The oldest stones, set on highest ground,
are also most impressive–an obelisk tall and confident,
a rugged faux-bark cross, elaborate scrolls and pillars,
the raised borders popular a century or two ago
but now discouraged because they impede a reaper
of a different sort–the groundskeeper’s power mower.
Around those cluster the still-old but less optimistic
monuments to people who lived just before my time,
those I never knew but whose names I recognize from
the oldfolks’ stories; when I was a child, my elderly
great-aunt, who didn’t drive, would have someone
bring her with her garden tools every couple of months
so she could tend her people’s graves, hoeing and weeding;
back then the place was still half-empty, and it was hard
to imagine enough local deaths to fill it. Slowly, though,
the vacant slots have filled with my elders, the church
ladies and storekeepers, stalwart citizens and local eccentrics,
and those who aren’t missed all that much to tell the truth,
bless their hearts, who populate my memories.
It would require no metaphor to say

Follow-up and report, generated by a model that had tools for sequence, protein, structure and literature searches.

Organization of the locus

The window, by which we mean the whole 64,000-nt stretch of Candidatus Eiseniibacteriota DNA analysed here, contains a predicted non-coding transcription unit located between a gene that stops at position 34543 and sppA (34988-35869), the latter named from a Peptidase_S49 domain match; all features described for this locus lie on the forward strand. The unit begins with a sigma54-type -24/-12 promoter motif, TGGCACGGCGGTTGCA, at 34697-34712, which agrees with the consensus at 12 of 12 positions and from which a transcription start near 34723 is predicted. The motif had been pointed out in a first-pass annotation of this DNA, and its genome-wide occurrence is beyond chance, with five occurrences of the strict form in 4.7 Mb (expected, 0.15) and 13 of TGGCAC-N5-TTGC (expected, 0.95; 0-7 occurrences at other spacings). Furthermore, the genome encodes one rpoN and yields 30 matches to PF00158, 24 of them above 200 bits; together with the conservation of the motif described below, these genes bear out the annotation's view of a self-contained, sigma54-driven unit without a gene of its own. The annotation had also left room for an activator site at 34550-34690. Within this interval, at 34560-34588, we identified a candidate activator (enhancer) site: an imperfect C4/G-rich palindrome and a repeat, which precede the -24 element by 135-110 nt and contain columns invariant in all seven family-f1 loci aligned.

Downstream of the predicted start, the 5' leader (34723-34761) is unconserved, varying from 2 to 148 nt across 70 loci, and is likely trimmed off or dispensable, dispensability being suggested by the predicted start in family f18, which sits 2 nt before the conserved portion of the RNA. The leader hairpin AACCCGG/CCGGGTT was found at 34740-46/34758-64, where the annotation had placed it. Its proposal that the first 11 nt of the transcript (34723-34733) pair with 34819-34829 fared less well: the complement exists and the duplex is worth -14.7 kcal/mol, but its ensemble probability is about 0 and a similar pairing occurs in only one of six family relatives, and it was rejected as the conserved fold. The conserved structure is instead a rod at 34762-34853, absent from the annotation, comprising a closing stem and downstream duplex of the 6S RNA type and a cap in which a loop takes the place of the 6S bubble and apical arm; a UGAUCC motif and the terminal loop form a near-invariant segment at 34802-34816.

that things have gone downhill from there, the newer markers
different–shinier but more uniform–tumbling down the grassy
slope toward the river, a good number of them my relatives,
nearly all people I knew in past decades. Not much room left
under the flagstaff and wooden crosses erected in more recent times,
in an attempt to reassert some values perceived to have faded,
but the crosses will rot long before the stones fall, and
the flag tatters and fades, requiring continual replacement.
What will happen when the last plot is claimed, the last stone
laid in the last row of this familiar graveyard? How long
will people remember, still come to place their plastic flowers here,
and where will others dig the holes for them?
T. Allen Culpepper